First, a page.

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Hospitals criticize electronic records rule
Hospitals criticize electronic records rule
More information on EMR - Talking Technology with Leroy Jones, Jr.:
What a great story of understanding, compassion, courage, and love. Just another reminder that health care and wellness is about people.
Not just policy or technology.
I thought folks would find it interesting.
More information at Talking Technology with Leroy Jones, Jr.:
My Brother Charlie by Holly Robinson Peete & Ryan Elizabeth Peete
"Important lessons about family, hope, love and tolerance fill MY BROTHER CHARLIE, the illustrated book based on author Holly Robinson Peete's own autistic son. She collaborated with her daughter Ryan, and the uplifting story is told from the sister's point of view."
Definition (Provided by Mayo Clinic)
Autism is one of a group of serious developmental problems called autism spectrum disorders (ASD) that appear in early childhood -- usually before age 3. Though symptoms and severity vary, all autism disorders affect a child's ability to communicate and interact with others.
It's estimated that three to six out of every 1,000 children in the United States have autism -- and the number of diagnosed cases is rising. It's not clear whether this is due to better detection and reporting of autism, a real increase in the number of cases, or both.
What is clear is that though there is no cure for autism, intensive, early treatment can make an enormous difference in the lives of many children with the disorder.
Children with autism generally have problems in three crucial areas of development -- social interaction, language and behavior. But because the symptoms of autism vary greatly, two children with the same diagnosis may act quite differently and have strikingly different skills. In most cases, though, the most severe autism is marked by a complete inability to communicate or interact with other people.
Many children show signs of autism in early infancy. Other children may develop normally for the first few months or years of life but then suddenly become withdrawn, aggressive or lose language skills they've already acquired. Though each child with autism is likely to have a unique pattern of behavior, these characteristics are common signs of the disorder:
* Fails to respond to his or her name
* Has poor eye contact
* Appears not to hear you at times
* Resists cuddling and holding
* Appears unaware of others' feelings
* Seems to prefer playing alone -- retreats into his or her "own world"
* Starts talking later than other children
* Loses previously acquired ability to say words or sentences
* Does not make eye contact when making requests
* Speaks with an abnormal tone or rhythm -- may use a singsong voice or robot-like speech
* Can't start a conversation or keep one going
* May repeat words or phrases verbatim, but doesn't understand how to use them
* Performs repetitive movements, such as rocking, spinning or hand-flapping
* Develops specific routines or rituals
* Becomes disturbed at the slightest change in routines or rituals
* Moves constantly
* May be fascinated by parts of an object, such as the spinning wheels of a toy car
* May be unusually sensitive to light, sound and touch and yet oblivious to pain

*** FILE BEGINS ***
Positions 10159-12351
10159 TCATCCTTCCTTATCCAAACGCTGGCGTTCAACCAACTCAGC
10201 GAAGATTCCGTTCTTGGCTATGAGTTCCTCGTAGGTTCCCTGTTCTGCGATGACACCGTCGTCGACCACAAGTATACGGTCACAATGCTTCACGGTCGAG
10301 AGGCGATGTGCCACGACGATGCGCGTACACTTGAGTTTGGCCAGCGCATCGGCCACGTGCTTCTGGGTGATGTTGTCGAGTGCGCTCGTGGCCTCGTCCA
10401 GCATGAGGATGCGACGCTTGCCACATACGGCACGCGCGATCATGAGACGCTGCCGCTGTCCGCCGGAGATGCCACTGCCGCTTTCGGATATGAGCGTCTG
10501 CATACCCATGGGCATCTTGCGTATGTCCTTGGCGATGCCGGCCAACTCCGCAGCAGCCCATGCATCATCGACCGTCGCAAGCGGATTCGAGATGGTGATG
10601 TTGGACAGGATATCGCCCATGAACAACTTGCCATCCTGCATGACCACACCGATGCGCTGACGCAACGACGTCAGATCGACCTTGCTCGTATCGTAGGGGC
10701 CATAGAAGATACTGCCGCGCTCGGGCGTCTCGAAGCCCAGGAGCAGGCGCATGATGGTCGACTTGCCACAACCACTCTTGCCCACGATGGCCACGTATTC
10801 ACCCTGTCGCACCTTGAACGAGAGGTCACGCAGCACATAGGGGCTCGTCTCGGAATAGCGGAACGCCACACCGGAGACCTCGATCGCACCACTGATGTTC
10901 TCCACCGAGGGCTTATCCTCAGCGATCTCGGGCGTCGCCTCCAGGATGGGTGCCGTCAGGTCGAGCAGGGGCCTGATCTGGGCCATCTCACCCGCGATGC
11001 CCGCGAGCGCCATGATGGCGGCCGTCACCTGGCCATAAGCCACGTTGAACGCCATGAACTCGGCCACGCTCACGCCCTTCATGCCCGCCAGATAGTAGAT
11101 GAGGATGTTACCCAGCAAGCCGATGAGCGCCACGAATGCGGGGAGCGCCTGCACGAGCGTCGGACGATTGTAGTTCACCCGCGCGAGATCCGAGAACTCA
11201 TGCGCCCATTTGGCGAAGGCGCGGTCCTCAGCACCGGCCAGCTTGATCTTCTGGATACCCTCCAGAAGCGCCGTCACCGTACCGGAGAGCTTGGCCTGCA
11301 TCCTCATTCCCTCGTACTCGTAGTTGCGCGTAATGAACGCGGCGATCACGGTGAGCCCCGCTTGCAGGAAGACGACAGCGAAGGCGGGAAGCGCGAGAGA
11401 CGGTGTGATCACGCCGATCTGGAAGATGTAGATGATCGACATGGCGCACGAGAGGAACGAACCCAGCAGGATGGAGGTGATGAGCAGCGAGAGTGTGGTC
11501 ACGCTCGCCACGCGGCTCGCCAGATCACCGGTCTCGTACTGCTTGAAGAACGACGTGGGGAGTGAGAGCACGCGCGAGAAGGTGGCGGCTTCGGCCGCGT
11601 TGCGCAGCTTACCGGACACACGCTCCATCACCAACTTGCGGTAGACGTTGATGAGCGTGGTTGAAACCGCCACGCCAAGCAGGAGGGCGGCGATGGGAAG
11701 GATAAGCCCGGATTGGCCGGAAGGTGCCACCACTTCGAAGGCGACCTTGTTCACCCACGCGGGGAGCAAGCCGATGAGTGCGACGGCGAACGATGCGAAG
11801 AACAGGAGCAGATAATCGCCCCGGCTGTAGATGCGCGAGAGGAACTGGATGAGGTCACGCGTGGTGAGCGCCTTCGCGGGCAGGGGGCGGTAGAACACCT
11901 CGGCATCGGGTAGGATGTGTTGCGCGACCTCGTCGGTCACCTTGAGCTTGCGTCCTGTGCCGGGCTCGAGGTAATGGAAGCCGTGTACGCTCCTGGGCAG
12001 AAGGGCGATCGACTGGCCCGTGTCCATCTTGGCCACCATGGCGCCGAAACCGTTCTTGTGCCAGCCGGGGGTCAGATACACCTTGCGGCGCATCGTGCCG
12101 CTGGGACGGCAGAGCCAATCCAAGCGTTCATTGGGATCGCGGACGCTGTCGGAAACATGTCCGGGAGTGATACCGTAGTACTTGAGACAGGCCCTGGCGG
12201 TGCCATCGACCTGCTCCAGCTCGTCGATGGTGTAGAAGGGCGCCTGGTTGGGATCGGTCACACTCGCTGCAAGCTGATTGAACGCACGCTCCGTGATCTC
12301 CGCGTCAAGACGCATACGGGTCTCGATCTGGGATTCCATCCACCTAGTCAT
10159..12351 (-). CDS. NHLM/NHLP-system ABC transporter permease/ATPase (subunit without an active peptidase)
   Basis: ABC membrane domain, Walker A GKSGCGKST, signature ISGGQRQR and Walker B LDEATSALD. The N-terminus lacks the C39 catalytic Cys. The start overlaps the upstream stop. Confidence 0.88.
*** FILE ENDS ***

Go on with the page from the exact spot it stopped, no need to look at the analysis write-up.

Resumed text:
Young children with autism also have a hard time sharing experiences with others. When read to, for example, they're unlikely to point at pictures in the book.
This early-developing social skill is crucial to later language and social development.
As they mature, some children with autism become more engaged with others and show less marked disturbances in behavior. Some, usually those with the least severe problems, eventually may lead normal or near-normal lives.
Others, however, continue to have great difficulty with language or social skills, and the adolescent years can mean a worsening of behavior problems.
The majority of children with autism are slow to acquire new knowledge or skills and some have signs of lower than normal intelligence. Other children with autism have normal to high intelligence. These children learn quickly yet have trouble communicating, applying what they know in everyday life and adjusting in social situations.
An extremely small number of children with autism are "autistic savants" and have exceptional skills in a specific area, such as art, math or music.
Autism has no single, known cause. Given the complexity of the disease, the range of autistic disorders and the fact that no two children with autism are alike, it's probable that there are many causes. These may include:
* Genetic errors. Researchers have discovered a number of genes that appear to be involved in autism. Some may make a child more susceptible to the disorder; others affect brain development or the way brain cells communicate. Still others may determine the severity of symptoms. Each genetic error may account for a small number of cases, but taken together, the influence of genes may be substantial. Some genetic errors seem to be inherited, whereas others occur spontaneously.
* Environmental factors. Many health problems are due to both genetic and environmental factors, and this is likely the case with autism as well. Researchers are currently exploring whether viral infections and air pollutants, for instance, play a role in triggering autism.
* Other causes. Other factors under investigation include problems during labor and delivery and the role of the immune system in autism. Some researchers believe that damage to the amygdala -- a portion of the brain that serves as a danger detector -- may play a role in autism.
One of the greatest controversies in autism centers on whether a link exists between autism and certain childhood vaccines, particularly the measles-mumps-rubella (MMR) vaccine and vaccines with thimerosal, a preservative that contains a small amount of mercury.
Though most children's vaccines have been free of thimerosal since 2001, the controversy continues. To date, extensive studies have found no link between autism and vaccines.
Autism affects children of all races and nationalities, but certain factors are known to increase a child's risk. They include:
* Your child's sex. Studies show that boys are three to four times more likely to develop autism than girls are.
* Family history. Families who have one child with autism have an increased risk of having another child with the disorder. It's also not uncommon for the parents or relatives of an autistic child to have minor problems with social or communication skills themselves or to engage in certain autistic behaviors.